Yazz Ahmed: ‘It was nice to think out of this world’

As she prepares to play the opening night of this year’s Edinburgh Jazz & Blues Festival, Yazz Ahmed talks to Jim Gilchrist about writing music for the moon

Yazz Ahmed
Yazz Ahmed

Trumpeter and flugelhorn player Yazz Ahmed’s music is informed by more than just her Arabic heritage. The British-Bahrainian musician’s distinctive jazz-fusion encompasses influences as diverse as historically iconic women, the plight of refugees in peril on the Mediterranean, and astronomy.

On 15 July Ahmed plays the opening night of the Edinburgh Jazz & Blues Festival, making her festival debut in quartet with vibraphonist Jonny Mansfield, bassist Dave Manington and drummer Martin France. The festival may have lost out on US trumpet ace Ambrose Akinmusire, originally billed for that concert, but it has netted a formidable replacement in Ahmed, whose vividly textured and inventive music saw her Polyhymnia voted Album of the Year at the 2020 Jazz FM Awards, when she also scooped UK Jazz Act of the Year.

Hide Ad

Ahmed’s often spare, considered choice of notes and phrases could be considered Milesian, but it combines her richly belling tone with the microtonal maqams of Arabic music and a simmering crucible of electronica, establishing her not just as a notable figure within UK jazz but also on the ever-Protean global jazz scene.

The 39-year-old’s music is often described as “psychedelic Arabic jazz” – a term she doesn’t mind: “I’m not sure if it’s an accurate description,” she laughs, “but I’m rolling with it. It is fusion, yes, and it can get kind of psychedelic – definitely live.”

In Edinburgh she’ll include material from her albums La Saboteuse and Polyhymnia (her tribute to inspiring women such as Rosa Parks and Malala Yousafzai) as well as her epic commemoration of drowned refugees, A Shoal of Souls.

Like other musicians, she’s delighted at a return to live performance, although she was hardly idle during lockdown, releasing singles and streaming home sessions. She also, of necessity, developed solo performance skills, deploying backing tracks and looping, but last year ended triumphantly with her return to the live stage in no uncertain manner, with the BBC Concert Orchestra during the London Jazz Festival.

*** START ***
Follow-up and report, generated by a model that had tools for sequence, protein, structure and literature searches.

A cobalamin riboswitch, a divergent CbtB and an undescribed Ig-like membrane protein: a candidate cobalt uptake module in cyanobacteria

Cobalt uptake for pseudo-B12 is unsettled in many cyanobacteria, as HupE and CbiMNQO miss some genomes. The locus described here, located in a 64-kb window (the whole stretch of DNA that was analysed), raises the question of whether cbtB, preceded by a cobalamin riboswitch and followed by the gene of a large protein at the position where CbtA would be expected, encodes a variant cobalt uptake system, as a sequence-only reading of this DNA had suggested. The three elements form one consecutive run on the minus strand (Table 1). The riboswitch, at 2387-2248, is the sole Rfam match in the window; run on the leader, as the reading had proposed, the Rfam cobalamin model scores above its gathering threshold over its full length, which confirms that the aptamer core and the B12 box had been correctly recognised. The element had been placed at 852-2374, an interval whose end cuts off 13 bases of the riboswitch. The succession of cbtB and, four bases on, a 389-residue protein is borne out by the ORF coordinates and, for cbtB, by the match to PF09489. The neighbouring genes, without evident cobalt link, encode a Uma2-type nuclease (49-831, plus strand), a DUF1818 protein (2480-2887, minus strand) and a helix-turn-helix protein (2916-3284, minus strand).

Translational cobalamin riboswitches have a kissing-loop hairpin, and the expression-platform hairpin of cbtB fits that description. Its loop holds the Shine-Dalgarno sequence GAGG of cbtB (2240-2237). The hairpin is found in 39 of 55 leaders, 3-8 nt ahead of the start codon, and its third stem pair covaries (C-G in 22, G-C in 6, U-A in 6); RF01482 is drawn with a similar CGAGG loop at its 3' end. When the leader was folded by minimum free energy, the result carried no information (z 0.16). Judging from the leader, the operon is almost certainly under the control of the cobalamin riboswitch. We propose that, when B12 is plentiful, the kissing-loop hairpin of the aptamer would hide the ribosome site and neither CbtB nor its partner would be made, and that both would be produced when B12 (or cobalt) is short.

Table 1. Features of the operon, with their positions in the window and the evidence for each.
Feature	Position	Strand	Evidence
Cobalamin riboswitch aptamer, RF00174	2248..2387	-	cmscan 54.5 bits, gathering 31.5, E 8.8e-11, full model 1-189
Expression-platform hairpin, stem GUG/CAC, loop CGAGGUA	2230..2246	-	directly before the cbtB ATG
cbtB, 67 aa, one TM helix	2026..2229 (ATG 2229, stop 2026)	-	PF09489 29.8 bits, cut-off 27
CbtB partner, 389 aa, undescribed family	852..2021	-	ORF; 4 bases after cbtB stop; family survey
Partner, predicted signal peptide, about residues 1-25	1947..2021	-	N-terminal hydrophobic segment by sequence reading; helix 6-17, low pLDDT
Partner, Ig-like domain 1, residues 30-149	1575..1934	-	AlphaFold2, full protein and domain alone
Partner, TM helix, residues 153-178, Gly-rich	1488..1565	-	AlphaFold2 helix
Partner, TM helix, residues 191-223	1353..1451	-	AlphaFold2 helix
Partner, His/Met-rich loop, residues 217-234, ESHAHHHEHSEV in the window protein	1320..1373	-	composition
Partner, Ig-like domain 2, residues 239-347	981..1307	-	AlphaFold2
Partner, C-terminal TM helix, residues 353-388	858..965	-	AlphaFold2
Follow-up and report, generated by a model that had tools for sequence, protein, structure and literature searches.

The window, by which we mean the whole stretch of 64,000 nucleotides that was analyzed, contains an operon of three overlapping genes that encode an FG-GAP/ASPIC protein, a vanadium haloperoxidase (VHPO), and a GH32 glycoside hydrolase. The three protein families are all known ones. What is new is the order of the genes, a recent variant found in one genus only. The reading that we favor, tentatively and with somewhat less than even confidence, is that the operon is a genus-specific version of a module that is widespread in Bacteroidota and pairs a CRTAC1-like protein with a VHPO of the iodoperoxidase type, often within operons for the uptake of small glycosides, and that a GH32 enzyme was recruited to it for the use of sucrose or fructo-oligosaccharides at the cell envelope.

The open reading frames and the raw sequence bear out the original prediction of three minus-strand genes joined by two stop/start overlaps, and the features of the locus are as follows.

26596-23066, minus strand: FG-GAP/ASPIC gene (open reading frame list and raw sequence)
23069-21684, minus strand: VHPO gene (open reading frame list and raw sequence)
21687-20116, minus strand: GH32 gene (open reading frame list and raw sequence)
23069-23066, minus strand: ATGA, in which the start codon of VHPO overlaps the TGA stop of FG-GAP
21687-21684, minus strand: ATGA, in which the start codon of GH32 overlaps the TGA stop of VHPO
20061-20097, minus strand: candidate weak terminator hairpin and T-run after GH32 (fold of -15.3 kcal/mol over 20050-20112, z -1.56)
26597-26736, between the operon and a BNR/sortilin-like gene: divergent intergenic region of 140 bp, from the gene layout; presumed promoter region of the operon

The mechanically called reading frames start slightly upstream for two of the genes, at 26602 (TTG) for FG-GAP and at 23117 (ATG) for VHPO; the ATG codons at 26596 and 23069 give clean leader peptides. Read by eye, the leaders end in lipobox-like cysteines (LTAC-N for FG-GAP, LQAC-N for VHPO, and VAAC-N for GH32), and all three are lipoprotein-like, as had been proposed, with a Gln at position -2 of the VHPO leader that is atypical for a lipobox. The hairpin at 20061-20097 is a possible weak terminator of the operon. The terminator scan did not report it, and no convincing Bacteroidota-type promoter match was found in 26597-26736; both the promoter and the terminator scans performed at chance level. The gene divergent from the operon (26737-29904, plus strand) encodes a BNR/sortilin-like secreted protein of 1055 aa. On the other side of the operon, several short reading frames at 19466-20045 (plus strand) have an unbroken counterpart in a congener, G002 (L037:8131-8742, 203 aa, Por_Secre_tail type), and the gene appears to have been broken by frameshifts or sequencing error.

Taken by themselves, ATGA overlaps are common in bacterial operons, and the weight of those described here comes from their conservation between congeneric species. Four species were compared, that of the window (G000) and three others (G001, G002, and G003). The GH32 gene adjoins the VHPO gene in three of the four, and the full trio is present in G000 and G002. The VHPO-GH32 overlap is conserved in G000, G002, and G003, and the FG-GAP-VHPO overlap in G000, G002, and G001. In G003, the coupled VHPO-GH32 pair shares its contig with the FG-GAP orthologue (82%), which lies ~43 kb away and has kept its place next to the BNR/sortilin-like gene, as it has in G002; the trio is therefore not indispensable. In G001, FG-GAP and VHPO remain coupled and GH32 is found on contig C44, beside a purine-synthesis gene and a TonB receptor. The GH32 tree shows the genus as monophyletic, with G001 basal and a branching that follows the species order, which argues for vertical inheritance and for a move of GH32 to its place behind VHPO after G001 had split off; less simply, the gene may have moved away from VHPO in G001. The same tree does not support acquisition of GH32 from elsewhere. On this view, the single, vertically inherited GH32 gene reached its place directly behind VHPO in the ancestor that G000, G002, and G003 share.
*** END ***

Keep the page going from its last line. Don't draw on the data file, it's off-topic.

Hide Ad

Current activities include a sound installation to complement Luke Geraim’s seven-foot diameter Museum of the Moon installation for the forthcoming Womad festival. It echoes previous heavenly commissions including Saturn, written for the Ligeti Quartet to mark the centenary of Gustav Holst’s Planets suite, and The Earth’s Reflection, for Moon Night 2018. “It was nice to kind of think out of this world,” she recalls, “especially for The Earth’s Reflection, which was a solo piece. I made a soundtrack with the pops and clicks of my trumpet, imagining the Moon being very lonely and mysterious.”

She’s back down to Earth, however, with her next album, production of which was delayed by lockdown, but which she hopes to release next year. Entitled Alhaan Al Siduri, it is an expansive re-imagining of a suite she premiered in 2015, inspired by Bahrain and its pearlfishers and with her regular Hafla band augmented by several vocalists, including Brigette Beraha, Alya Marquardt. and “sound sculptor” Jason Singh.

Hide Ad

At Edinburgh Jazz & Blues Festival, which runs from 15-24 July, she joins more than 130 events across the capital. Returning favourites include singer-saxophonist Curtis Stigers and Jools Holland, US electric guitarist John Scofield and Davina and the Vagabonds, while Chicago’s Mud Morganfield leads a copious blues bill.

Spark, a celebration of Italian jazz, features young exponents such as Federico Calcagno and Sade Mangiaracina, while Belgian guests include Les Violins de Bruxelles, joining Scotland’s Rose Room for a night of gypsy swing.

Soweto Kinch curates a showcase of up-and-coming UK musicians, while the Scottish Jazz EXPO strand presents a wealth of homegrown talent, including Martin Kershaw, Colin Steele, Fergus McCreadie, Emma Smith and Brian Kellock, with Edinburgh’s own trad champion, Ali Affleck, fronting New Orleans nights. And Saturday 16th sees the Grassmarket erupt with the Festival’s Mardi Gras – a welcome burst of exuberance after an absence of two years.

Yazz Ahmed plays Assembly Roxy, Edinburgh, on 15 July. For full Edinburgh Jazz & Blues Festival programme, see www.edinburghjazzfestival.com